The people behind Carnot (Francis Lempp)

16th June 2020

By Carnot

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Carnot was co-founded by entrepreneurs Archie Watts-Farmer, Francis Lempp and Nadiur Rahman. Their aim is reduce global co2 emissions by 13% and bring clean, secure and affordable energy to all. To better understand Carnot and gain an insight into the companies’ motivations we carried out interviews with its co-founders, following this series we interviewed Francis Lempp, a young physicist with a passion to innovate.

Francis Lempp, 24, obtained his MSc in Particle Physics from Royal Holloway University of London in 2018 and decided to pursue ceramic engine design. Since then Francis has played a large role in delivering two government funded Innovate UK research projects on ceramic engine technology and co-founded Carnot.

We interviewed Francis to understand how he came to be an engineer, entrepreneur and co-founder of Carnot.

“All the sciences are continuously evolving but engineering has always been the field that solves day-to-day problems, having a very tangible impact.” 

carnot team
The Carnot Team — From left to right: Archie Watts-Farmer, Francis Lempp and Nadiur Rahman

Q: How did you come to be an engineer?

“I suppose I’ve always been curious about how things work around me. Growing up I spent a lot of time building things out of wood, wiring old electric train sets e.t.c . As a kid my parents always encouraged me and let me pursue which ever path interested me the most.

As I got older, I became very interested in science, maths and art at school which fuelled my creativity and understanding of the world around me. My Father has a science background and my mother is an artist, so they often encouraged me and my brothers to blend these seemingly contradictory skills. This has stuck with me and I feel has led me to think differently, seeing connections between things which others can’t.

Eventually I decided to study particle physics which gave me a very detailed understanding of physics, mathematics and skills which I have transferred to a number of aspects in my life. However, I began to find the quantum realm a little too abstract. I wanted to put my skills to use and get involved in a project that had a more tangible impact. This is when I found ceramic engine research. My knowledge of physics was very transferable, and I began my carrier in engineering as a mathematical modeller. I still remain very close to my physics background, modelling the equations of gas flow and heat transfer in the Carnot engine.”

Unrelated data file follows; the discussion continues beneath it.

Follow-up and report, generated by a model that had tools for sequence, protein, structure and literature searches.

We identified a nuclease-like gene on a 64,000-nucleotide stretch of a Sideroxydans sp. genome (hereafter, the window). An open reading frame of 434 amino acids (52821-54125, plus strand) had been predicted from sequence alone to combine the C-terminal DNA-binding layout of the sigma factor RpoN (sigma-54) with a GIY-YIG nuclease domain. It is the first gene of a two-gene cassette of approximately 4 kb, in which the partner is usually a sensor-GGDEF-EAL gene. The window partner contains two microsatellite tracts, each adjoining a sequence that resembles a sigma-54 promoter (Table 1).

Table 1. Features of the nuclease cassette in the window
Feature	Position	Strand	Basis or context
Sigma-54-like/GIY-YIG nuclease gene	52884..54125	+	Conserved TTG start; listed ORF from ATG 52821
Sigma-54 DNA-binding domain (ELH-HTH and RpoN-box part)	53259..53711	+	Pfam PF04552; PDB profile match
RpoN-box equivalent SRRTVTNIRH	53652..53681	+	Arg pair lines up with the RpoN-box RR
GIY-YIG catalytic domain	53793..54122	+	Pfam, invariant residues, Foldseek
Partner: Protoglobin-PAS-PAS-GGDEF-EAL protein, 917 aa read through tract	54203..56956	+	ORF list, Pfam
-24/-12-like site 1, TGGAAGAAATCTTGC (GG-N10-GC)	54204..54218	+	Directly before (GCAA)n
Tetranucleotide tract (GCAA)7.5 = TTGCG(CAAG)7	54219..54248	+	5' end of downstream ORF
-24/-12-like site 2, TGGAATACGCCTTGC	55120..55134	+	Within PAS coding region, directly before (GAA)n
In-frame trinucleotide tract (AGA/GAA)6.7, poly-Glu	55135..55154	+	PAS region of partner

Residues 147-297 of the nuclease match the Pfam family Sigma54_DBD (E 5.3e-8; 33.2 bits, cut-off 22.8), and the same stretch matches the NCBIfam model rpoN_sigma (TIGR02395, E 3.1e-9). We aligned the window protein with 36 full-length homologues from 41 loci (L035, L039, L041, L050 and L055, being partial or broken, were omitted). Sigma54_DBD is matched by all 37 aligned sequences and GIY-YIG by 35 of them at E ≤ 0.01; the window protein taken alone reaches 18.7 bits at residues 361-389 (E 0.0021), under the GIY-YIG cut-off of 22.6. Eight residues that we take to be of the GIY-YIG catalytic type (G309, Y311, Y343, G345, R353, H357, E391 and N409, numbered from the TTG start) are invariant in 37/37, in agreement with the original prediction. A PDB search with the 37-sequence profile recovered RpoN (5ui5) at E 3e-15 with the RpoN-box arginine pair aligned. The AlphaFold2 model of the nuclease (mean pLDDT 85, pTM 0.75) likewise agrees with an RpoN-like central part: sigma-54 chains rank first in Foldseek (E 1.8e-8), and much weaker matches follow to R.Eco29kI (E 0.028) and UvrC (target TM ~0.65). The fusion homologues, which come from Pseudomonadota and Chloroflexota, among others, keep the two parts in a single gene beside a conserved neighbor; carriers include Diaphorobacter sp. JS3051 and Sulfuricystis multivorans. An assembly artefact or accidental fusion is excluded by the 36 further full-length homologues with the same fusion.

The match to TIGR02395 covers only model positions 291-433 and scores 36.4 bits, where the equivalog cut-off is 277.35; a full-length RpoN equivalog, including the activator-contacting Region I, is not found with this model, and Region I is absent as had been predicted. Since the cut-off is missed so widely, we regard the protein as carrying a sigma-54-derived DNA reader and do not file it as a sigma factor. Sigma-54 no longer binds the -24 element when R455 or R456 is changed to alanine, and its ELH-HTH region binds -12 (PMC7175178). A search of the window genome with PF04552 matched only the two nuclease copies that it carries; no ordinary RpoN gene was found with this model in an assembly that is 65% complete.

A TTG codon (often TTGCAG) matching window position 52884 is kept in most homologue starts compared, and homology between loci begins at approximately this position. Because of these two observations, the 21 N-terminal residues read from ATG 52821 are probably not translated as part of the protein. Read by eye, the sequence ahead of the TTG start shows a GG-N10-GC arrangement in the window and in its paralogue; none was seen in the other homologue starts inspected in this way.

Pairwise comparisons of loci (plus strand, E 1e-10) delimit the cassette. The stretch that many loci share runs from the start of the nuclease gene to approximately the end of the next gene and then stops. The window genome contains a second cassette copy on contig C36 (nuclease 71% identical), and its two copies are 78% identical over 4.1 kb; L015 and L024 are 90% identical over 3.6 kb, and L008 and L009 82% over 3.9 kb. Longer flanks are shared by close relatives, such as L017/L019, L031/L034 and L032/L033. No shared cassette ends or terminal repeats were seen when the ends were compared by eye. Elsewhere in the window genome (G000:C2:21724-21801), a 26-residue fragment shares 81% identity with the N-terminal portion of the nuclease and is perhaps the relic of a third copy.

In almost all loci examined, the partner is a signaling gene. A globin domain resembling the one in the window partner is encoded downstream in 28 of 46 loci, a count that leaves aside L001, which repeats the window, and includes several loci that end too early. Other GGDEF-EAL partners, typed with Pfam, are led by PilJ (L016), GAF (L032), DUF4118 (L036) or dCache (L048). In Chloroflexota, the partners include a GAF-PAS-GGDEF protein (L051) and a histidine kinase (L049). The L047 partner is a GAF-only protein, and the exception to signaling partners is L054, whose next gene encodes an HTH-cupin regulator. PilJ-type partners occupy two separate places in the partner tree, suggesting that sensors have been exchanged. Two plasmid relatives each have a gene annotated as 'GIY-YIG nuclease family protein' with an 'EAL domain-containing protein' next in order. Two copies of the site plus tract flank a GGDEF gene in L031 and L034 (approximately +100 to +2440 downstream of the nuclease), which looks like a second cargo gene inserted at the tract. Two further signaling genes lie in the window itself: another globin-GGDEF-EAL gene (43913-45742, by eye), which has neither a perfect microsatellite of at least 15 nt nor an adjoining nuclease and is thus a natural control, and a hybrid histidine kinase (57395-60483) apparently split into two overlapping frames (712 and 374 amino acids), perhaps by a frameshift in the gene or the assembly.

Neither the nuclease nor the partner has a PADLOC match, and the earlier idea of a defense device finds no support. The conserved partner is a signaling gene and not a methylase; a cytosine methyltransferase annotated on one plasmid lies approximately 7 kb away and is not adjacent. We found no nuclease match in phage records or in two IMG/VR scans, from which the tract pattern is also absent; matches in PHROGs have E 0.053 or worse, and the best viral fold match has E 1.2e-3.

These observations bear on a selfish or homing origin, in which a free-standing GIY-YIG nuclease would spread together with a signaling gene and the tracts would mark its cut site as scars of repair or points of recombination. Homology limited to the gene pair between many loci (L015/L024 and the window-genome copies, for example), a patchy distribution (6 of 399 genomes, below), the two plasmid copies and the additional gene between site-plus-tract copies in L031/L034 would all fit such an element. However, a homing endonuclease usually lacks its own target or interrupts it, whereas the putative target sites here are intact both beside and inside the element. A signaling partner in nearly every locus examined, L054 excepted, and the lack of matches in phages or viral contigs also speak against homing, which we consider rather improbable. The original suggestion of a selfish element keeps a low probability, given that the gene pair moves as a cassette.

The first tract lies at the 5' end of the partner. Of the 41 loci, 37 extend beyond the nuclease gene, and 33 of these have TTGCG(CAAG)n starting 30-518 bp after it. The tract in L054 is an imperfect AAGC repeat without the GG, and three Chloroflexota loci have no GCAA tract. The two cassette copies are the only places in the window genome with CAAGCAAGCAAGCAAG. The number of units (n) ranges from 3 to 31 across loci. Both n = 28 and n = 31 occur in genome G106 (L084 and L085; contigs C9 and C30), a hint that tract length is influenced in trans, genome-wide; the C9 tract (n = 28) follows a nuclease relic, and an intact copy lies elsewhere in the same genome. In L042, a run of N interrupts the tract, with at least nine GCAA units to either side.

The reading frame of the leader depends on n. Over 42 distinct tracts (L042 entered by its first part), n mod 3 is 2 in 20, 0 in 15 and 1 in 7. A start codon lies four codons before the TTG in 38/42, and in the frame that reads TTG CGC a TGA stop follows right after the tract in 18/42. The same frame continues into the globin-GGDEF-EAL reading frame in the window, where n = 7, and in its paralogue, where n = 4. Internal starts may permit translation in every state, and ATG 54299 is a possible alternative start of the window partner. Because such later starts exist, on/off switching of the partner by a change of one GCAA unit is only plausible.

Q: What interests you the most about engineering, is it what you expected as a career?

“I like the innovation. All the sciences are continuously evolving but engineering has always been the field that solves day-to-day problems, having a very tangible impact. I enjoy the creativity involved as each problem requires a different approach. Engineering is very broad and involves a wide range of techniques and skills from concept design to mathematical modelling to experimentation. I would say that it differs very little from the skills and techniques I used in physics. As a founder I am also involved in the business side of Carnot, something which I thoroughly enjoy. The skills and knowledge I have developed are invaluable. I did not expect my career to end up us as it has, but I certainly enjoy it!”

Q: Would you recommend this as a career path to others?

“Absolutely, I think that start-up’s in general offer a much quicker learning curve. It’s certainly less comfortable than a graduate scheme for example, but you’re loaded with much more interesting projects and responsibilities. I would always recommend that young people should take a risk early on and give it a try. Even if it fails, you will still walk away with a ton of experience you simply won’t get anywhere else.”

Q: What motivated you to start Carnot?

“I felt as though we could really make a difference. There is a huge ongoing transition to net-zero, but people’s expectations are slipping away from reality. As a result, many industries, which play a significant role in global warming, are being left in the dark ages. These industries can’t relate to the battery craze or rely on fuel cells for the near or distant future. These are expensive solutions and require rare metals. Who will pay for the infrastructure? Where will these metals come from? There is no silver bullet solution.

Achieving net-zero is important to me and my generation and by developing our engine we can make a huge impact on those sectors struggling to catch up. I am a big believer in providing ethical, green technologies that are simultaneously economically viable and can be easily integrated with modern infrastructure.

Many people assume that this kind of technology comes out of a huge engineering firm. In fact, they are often too large to make significantly creative innovations. They play it safe. Smaller companies like us have a much more creative approach. We blend the perfect balance of experience and innovation, mixing industry experts with young creative thinkers and stripping down the pre-conceptions of how an engine must operate. We are re-thinking, re-designing and revolutionising the engine, bringing it into the 21st century.”

Climate Change

Engineering

Innovation

Energy Efficiency

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